From: “Help! My Mom Stopped Speaking to Me Because I Didn’t Say Happy Birthday Until After Work.” (Aug. 29, 2016)
After a decade in a tough marriage, I’m a recently divorced man. When we separated my ex and I agreed we would see other people, and I dated several women casually. Over time, one of those became more serious, to the point where we have been dating for almost a year and are now essentially exclusive. A second marriage is out of the question. I want to focus on my young kids and prefer to separate my “kid time,” which I love, from my adult “dating time,” which is also great. I envision that for the rest of my life there may be a series of girlfriends. My dilemma is that I really like the person I’m dating, but I recently met someone else who interests me. I don’t want to break off a good relationship to go on a date with the new person, only to find that we don’t have much in common. Because I plan to be serially monogamous indefinitely, I need to figure this out now. How do I try out a new relationship while gently easing out of my old one, without crossing cheating boundaries and maligning my good name?
I applaud that you want to focus on your children and not make them spectators to your serially monogamous parade. I think that when parents split, children should only get to know significant others when they are truly significant. That is, when the new relationship is solid and continuing. When you first became single again, you thought you would happily juggle your many options. Instead you found that by nature you’re less interested in variety than in harmony. You found someone you really like, and even though apparently you have never made declarations about the future or fidelity, you feel you would be cheating if you started exploring how compatible you are with this new woman who’s caught your eye. So to answer your question, what you do is have a long overdue talk about where the two of you are in this relationship, and explain that you don’t want to be exclusive. But in larger terms, I hope you’ve explored, or are exploring, what went wrong in your marriage and what your contributions were to its lousiness. You may think you want to play the field forever, but I’m guessing that at some point you’ll tire of living such a bifurcated life. If you come to love someone, it will take a lot of energy to keep her concealed from the other people you love most. You say a second marriage is out of the question. But I have heard from children of divorce who grew up with a sense that a parent sacrificed a personal life for their sake, or that a parent indeed had a love life, but it was always hidden from them. Your marriage did not give your children a template for happy adult relationships. Don’t be so quick to declare they will never get to see you in one. —E.Y.
From: “Help! How Does a Recently Divorced Man Play the Field Without Being a Cad?” (April 9, 2015)
While I was traveling recently, my husband started chatting with another woman, which eventually led to him sending a nude pic of himself. The woman had asked him to download an app that essentially stole all his phone contacts. She told him to send money and threatened to send his picture to his contacts if he didn’t comply. He reported this to the police, and the next day she sent his photo to several people, including my mother and his boss. He is completely humiliated and in shock. I know he is a victim here, and I want to support him, but a part of me is livid that he got involved in an intimate chat with a strange woman online. I feel like he cheated on me, even if there was no physical contact involved. It is hard to describe how betrayed I feel, but I can’t talk to him about it while he is dealing with such a public humiliation. How do we deal with this in our marriage? Do I let it go, demand counseling—what?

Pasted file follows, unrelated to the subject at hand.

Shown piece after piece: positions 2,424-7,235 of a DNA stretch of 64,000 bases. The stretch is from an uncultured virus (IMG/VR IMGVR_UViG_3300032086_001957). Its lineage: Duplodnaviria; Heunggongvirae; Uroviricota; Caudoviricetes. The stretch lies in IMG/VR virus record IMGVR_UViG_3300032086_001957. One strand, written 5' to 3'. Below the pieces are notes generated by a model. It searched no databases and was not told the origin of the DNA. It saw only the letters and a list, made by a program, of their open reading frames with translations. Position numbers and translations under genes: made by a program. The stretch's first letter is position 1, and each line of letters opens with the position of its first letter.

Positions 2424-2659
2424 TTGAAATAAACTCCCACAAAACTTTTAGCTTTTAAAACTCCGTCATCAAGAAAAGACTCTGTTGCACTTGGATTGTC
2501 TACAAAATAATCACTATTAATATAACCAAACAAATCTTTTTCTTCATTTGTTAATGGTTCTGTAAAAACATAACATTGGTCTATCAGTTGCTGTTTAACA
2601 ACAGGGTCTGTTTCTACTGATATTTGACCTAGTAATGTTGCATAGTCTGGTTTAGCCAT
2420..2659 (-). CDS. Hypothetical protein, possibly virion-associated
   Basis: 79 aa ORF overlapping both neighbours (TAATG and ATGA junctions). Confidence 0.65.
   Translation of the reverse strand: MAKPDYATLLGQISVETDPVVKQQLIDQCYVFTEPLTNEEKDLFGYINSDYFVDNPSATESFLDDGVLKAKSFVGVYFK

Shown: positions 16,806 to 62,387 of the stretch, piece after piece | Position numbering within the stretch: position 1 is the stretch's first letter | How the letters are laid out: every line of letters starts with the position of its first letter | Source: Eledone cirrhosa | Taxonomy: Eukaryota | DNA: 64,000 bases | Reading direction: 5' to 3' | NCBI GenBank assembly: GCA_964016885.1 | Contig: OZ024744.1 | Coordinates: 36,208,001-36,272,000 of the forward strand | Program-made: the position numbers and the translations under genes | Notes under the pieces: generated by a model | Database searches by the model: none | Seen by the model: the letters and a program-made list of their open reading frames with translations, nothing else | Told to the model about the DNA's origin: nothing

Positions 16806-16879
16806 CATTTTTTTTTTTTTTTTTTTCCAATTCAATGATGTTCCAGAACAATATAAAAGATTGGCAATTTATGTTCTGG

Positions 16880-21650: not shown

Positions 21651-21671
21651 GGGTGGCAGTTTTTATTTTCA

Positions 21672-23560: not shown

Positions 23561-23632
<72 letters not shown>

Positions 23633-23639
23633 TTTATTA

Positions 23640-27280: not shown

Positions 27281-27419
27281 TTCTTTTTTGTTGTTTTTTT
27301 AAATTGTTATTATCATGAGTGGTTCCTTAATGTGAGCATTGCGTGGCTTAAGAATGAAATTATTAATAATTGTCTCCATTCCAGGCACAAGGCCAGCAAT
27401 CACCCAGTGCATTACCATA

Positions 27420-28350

I can’t imagine why on earth you’d want to let this go. This was an upsetting and humiliating private experience turned public, and both you and your husband ought to seek counseling to deal with the fallout from his blackmail. You have every right to feel angry and betrayed, and there’s no reason that you should let your feelings go just because your husband has been publicly embarrassed. Your desire to present a united front is admirable, but that doesn’t mean you have to swallow your own feelings in private. —D.L.
From: “Help! My Husband Was Blackmailed After Sending a Nude Photo to Someone.” (June 14, 2016)
More from Dear Prudence
Several years ago, after accepting that I’d be alone forever, I met a wonderful man. He was kind, compassionate, intelligent, hilarious, and widely respected. Shortly after we married he was diagnosed with a terminal illness. He fought bravely for several years while I gladly worked full time, cared for him, and basically took care of everything so that he could focus on his health and the things he enjoyed. He recently lost his battle. While searching for information on some loose ends, I stumbled across email responses he had sent to singles and couples seeking casual sexual encounters. I am destroyed. I’m now grieving for the relationship I thought we had and the man I thought he was. I don’t want to tell our families what he did and destroy their vision of him. But I don’t think it’s fair that I bear the brunt of this pain alone and live behind the facade of grieving widow.